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National Prayer Day: The Myth of a Christian America

more from Hrafnkell Haraldsson
Saturday, May, 8th, 2010, 5:00 pm

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There has been a great deal of fuss over a federal judge’s ruling that the National Day of Prayer is a violation of the ban on government-backed religion. We’ve had 59 of them since Truman instituted the practice in 1952, and you’d think, from all the outrage from the Right, that we had more on the order of 234 (dating from 1776).

Conservative Myth of a Christian Nation

Conservative Myth of a Christian Nation

It’s time for a reality check.

Christian fundamentalists in the United States, and this would include by extension the now largely reactionary WASP GOP/Tea Party, would have us believe that morality is impossible outside of the Bible, that without its teaching there can be no conception of right vs. wrong. For example, Rev. Franklin Graham claims that the removal from the classroom of prayer means that “young people today don’t understand what’s right or wrong.”

Never mind that thousands of years of human history disprove Graham’s contention. Society functioned just fine for many centuries before the Hebrew Bible came to be written – indeed, before there was anything known as Israel.

Israel does not appear in the historical record until 1200 B.C.E., when it receives mention in the Merneptah Stele, and then not as a nation, but as an ethnic group – one that had been defeated by the Egyptians. The Hebrew Bible itself is a product of later centuries, and no one can say with any certainty when the so-called Ten Commandments were written down other than the event took place centuries after earlier law codes had been put into place.

Yes, there was morality before the Decalogue. Yes, people understood the difference between right and wrong long before the Bible.

Yes, morality exists outside the Christian religion. Don’t let them tell you otherwise.

Many concepts found in Hammurabi’s laws will sound familiar to modern ears:

If a man strikes a pregnant woman, thereby causing her to miscarry and die, the assailant’s daughter shall be put to death.

If anyone commits a robbery and is caught, he shall be put to death.

If anyone brings an accusation of any crime before the elders, and does not prove what he has charged, he shall, if a capital offense is charged, be put to death.

In short, thou shalt not steal, thou shalt not bear false witness, thou shalt not commit murder.

Yes, it’s safe to say people had a pretty good understanding of right and wrong long before anyone had heard of Moses or YHWH.

And Hammurabi’s code is not the oldest. The oldest we possess of is the Code of Ur-Nammuca ( 2100-2050 BCE) , which predates Hammurabi by three centuries, but we know of at least one other that is older yet, that of Urukagina of Lagash, who reigned ca. 2380 BCE–2360 BCE.

It’s safe to say there were earlier law codes, now forgotten. Every culture codifies the behavior of its members. This is Anthropology 101, and the Bible has nothing to do with it.

Incredible, isn’t it? How dare these ancient pre-Christian people, these Pagans, know what’s right and wrong without benefit of Jesus!

These fundamentalists are outraged by the audacity of those who suggests we can get along just fine without the Ten Commandments. National Day of Prayer organizer Shirley Dobson, wife of Focus on the Family’s James Dobson, claims that “America was birthed in prayer and founded on the God of the Bible, on his biblical principles and on his moral values.”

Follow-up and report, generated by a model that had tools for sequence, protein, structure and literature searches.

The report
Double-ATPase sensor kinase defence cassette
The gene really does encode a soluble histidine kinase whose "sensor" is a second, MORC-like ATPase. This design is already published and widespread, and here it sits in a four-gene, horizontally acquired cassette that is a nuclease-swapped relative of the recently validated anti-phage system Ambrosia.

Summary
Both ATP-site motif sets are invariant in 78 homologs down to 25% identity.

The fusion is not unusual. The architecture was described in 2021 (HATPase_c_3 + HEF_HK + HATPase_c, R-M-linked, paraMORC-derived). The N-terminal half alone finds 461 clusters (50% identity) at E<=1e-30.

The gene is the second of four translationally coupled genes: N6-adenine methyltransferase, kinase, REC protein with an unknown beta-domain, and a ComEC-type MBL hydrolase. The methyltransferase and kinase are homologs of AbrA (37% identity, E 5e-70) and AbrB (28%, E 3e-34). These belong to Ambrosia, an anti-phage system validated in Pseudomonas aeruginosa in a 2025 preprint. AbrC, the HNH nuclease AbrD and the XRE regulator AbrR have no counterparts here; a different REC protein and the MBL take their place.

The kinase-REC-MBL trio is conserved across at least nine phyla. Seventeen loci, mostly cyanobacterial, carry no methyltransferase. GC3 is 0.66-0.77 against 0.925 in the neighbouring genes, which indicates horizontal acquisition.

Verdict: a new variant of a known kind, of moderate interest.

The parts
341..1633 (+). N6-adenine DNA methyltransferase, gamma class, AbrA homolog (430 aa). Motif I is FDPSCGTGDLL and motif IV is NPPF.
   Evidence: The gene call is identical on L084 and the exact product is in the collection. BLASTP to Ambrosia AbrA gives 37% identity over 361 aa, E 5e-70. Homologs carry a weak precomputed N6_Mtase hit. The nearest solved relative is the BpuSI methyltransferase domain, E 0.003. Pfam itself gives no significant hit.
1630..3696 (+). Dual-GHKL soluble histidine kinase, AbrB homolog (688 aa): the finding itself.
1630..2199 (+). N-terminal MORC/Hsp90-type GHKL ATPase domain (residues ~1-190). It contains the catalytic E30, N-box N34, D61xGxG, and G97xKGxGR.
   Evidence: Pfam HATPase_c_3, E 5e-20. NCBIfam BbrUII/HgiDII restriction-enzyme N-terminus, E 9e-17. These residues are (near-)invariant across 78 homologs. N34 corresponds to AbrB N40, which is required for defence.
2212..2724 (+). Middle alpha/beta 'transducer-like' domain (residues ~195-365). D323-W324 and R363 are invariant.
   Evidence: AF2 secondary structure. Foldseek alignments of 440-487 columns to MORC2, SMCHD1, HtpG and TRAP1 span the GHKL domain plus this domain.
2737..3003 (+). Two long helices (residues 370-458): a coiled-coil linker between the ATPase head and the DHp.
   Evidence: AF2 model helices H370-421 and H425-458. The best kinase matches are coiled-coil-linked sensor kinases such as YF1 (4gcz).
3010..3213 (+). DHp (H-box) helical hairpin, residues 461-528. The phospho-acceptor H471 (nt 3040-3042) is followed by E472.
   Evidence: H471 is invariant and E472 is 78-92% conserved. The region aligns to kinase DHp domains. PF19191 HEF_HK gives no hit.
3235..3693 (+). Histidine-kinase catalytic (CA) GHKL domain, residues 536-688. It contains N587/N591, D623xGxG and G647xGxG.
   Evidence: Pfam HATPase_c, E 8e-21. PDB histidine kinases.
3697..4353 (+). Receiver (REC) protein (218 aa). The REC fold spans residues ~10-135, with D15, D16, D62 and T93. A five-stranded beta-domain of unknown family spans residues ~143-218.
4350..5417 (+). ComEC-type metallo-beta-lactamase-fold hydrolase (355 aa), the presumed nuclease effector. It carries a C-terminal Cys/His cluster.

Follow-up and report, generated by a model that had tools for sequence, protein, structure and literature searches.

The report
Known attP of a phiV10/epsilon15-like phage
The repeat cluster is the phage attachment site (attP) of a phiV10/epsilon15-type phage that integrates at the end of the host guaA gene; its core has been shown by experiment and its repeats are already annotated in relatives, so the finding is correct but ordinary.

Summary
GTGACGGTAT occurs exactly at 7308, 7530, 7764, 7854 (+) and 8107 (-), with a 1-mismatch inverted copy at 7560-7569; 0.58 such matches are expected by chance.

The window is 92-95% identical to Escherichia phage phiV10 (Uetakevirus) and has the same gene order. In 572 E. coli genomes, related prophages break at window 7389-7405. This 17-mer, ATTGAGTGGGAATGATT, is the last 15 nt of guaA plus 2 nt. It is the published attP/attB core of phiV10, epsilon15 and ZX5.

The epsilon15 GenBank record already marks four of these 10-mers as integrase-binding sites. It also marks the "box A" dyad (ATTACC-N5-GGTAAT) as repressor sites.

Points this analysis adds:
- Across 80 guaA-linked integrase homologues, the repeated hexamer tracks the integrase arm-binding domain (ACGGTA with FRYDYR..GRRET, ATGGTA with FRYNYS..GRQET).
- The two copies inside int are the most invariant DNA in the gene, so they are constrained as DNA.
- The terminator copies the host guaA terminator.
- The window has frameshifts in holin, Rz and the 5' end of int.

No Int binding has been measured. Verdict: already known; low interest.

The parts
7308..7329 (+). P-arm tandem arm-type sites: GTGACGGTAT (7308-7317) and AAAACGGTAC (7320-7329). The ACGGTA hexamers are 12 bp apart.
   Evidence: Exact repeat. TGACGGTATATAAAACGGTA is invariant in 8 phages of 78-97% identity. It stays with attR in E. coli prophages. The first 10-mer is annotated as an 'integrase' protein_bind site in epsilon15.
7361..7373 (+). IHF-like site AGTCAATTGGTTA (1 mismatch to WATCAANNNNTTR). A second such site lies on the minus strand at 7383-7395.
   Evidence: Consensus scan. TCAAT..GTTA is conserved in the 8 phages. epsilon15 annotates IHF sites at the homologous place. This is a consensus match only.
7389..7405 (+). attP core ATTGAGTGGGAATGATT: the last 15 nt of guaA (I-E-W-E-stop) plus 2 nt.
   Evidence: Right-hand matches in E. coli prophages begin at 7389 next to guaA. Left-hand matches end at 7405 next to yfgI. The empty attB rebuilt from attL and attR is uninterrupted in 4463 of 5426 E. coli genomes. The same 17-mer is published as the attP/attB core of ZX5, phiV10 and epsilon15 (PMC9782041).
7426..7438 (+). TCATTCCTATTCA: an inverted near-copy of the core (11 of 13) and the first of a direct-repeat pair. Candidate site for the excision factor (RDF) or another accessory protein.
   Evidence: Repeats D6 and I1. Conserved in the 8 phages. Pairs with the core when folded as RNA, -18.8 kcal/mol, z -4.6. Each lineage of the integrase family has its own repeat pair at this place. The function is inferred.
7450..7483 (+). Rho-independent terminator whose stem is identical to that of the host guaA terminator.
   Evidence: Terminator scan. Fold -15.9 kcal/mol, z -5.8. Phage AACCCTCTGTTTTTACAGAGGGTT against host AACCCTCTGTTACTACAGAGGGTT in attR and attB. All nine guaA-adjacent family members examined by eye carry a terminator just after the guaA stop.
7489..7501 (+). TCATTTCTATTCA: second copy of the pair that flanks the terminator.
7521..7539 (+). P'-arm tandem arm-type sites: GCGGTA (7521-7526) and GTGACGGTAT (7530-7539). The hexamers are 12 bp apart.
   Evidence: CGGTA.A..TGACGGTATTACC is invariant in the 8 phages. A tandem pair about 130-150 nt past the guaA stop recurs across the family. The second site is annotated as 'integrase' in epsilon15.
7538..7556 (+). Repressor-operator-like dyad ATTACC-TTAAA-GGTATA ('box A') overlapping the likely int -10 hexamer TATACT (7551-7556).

It is true that the population was largely Christian when our government came into existence, but it is manifestly untrue that the government was founded as a Christian government based on Biblical principles.

The laws of the United States are based on English common law, not the Bible, and English common law had Roman influences thanks to a revival of interest in Roman law in the Middle Ages (11th century on). In fact most of our legal influences derive from Roman, not Hebrew Law. For example, it was the Romans who differentiated between the public and private spheres (civil law) and it was the Romans who give us indictments and trials by jury – even the idea of being innocent until proven guilty is Pagan Roman, found nowhere in the Bible. The purpose of a written law was seen not to define a god’s relations with his people (a covenant) but to protect people from the potentially abusive power of the state.

The influence of the Bible is glaringly absent.

So what we have is the idea put forward by fundamentalists and endorsed by the GOP/Tea Party that America was founded as a Christian nation and based on Biblical principles, an idea that is nowhere supported by the facts.

Indeed, if we want to look at the facts, we can see that the Founding Fathers chose not to make “In God We Trust” our national motto; they chose not to appeal to the Christian god in the Declaration of Independence and the Constitution; they chose not to make the Decalogue the legal basis of the Bill of Rights; and they notably failed to initiate a “national day of prayer” – an event that came about during the same time period in which “In God We Trust” was foisted upon us – the very conservative 1950s.

The dawn of our nation’s history? Hardly.

Rather, a reactionary period, much like our own, in which conservatives engage in an unthinking knee-jerk reaction to pluralistic influences on American society.

It is not the Founding Fathers who established America as a Christian nation, but the conservatives of the 1950s – nearly two centuries after the fact.

National Prayer Day: The Myth of a Christian America was written by Hrafnkell Haraldsson for PoliticusUSA.
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